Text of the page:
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Hi I'm making a progress bar with arrow as dividers, something like this:

HTML

<ul>
    <li>
        step 1
        <span class="arrow"></span>
    </li>
    <li>
        step 2
        <span class="arrow"></span>
    </li>
    <li>
        step 3
    </li>
</ul>

CSS

li{
    float: left;
    width: 25%;
    background-color: #4a4a4a;
    color: #fff;
    text-align: center;
    padding: 10px 0;
    position: relative;
    z-index: 100;
}
.arrow{
    width: 0;
    height: 0;
    border-top: 30px solid transparent;
    border-bottom: 30px solid transparent;
    border-left: 30px solid red;
    display: block;
    position: absolute;
    right: -30px;
    top: 0px;
    z-index: 200;
}

DEMO: http://jsfiddle.net/pleasedontbelong/kGmg5/

But the arrows are always behind the li elements. Am I missing something? Is it possible to do this without changing the html?

share|improve this question
2  
remove the z-index on the li and it will work. Not sure why you need to push the arrows to the right, it should work without the -30, right: 0 should be fine. Then again maybe your setup is different than I think it is –  Huangism Sep 25 '13 at 18:15
1  
The problem lies in your right: -30px; which is essentialls pushing the arrow to the right and behind the next LI which has a different stacking context. –  j08691 Sep 25 '13 at 18:15

3 Answers 3

up vote 1 down vote accepted

When you give an element a z-index, you create a stacking context for it. All other z-indexes on it's children will only take effect on that stacking context.

In your example, when you give your li's a z-index, you're creating a different stacking context for each of them. The arrows with the z-index will only be able to be able to get above other elements that belong to the same parent li's stacking context.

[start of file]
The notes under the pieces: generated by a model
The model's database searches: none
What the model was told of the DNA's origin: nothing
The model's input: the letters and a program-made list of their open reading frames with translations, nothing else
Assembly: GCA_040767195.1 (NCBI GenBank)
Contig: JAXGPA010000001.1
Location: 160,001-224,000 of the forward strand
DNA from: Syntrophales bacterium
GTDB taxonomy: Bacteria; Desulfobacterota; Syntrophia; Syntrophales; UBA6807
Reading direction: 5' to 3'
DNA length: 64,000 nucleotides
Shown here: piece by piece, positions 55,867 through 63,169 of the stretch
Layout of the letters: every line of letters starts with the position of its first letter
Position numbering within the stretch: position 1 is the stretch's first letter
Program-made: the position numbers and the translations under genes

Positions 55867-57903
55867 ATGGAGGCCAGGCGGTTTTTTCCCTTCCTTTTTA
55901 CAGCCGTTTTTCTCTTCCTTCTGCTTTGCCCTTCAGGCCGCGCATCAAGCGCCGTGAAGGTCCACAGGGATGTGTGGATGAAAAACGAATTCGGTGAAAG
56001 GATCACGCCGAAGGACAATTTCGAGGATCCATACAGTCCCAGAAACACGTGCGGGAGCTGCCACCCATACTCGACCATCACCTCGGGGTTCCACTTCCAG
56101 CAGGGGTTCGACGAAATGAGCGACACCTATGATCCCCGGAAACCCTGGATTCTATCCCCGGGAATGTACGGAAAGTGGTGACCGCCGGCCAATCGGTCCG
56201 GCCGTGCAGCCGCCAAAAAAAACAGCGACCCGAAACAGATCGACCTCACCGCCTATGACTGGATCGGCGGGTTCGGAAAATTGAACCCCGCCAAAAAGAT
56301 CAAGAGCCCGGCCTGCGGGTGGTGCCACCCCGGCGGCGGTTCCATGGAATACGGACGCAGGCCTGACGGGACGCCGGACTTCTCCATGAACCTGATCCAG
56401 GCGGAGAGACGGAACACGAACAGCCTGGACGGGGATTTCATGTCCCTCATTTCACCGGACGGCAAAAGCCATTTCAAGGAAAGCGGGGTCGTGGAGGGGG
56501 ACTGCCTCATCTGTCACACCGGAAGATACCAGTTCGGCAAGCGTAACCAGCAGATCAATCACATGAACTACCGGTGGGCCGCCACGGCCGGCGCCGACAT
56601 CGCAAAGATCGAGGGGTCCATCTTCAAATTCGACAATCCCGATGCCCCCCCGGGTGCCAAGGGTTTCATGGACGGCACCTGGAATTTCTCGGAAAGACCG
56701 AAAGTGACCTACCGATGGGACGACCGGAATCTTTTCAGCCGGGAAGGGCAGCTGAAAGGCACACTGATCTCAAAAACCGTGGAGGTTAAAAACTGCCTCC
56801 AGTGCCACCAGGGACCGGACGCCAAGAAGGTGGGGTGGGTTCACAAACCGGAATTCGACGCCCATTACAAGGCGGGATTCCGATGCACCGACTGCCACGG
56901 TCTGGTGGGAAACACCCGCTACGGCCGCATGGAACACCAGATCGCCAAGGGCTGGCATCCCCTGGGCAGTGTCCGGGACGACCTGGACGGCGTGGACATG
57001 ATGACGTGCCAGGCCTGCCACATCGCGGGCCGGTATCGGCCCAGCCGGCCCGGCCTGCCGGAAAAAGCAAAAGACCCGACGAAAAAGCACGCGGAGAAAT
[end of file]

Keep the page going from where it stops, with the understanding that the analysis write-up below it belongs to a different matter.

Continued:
I hope I've made myself clear. But even if I did, checkout https://developer.mozilla.org/en-US/docs/Web/Guide/CSS/Understanding_z_index/The_stacking_context . It's got some good examples.

Without changing the html, you can, as Sunil Salunkhe suggested, remove the z-index on the li's. From what it appears, there's no reason for it to be there anyway.

share|improve this answer

You need to remove z-index on li:

li
{
    float: left;
    width: 25%;
    background-color: #4a4a4a;
    color: #fff;
    text-align: center;
    padding: 10px 0;
    position: relative;
    z-index: 100;
}
share|improve this answer

@Huangism is correct, the change that fixed the problem was the z-index on the li.

http://jsfiddle.net/kGmg5/9/

li{
    float: left;
    width: 25%;
    background-color: #4a4a4a;
    color: #fff;
    text-align: center;
    padding: 10px 0;
    position: relative;
    /* z-index:200;  Removed */
}

From his comment:

The right -30 is pushing the arrows behind the next li and with the z-index on the li, it creates a different stacking order

share|improve this answer
    
without the content it works as well, mainly due to the fact you removed the z-index on the li –  Huangism Sep 25 '13 at 18:17
    
You are correct. You should answer this post to take credit, sir. –  jbaum012 Sep 25 '13 at 18:19
    
I am at work, you should just update your answer. The right -30 is pushing the arrows behind the next li and with the z-index on the li, it creates a different stacking order –  Huangism Sep 25 '13 at 18:21

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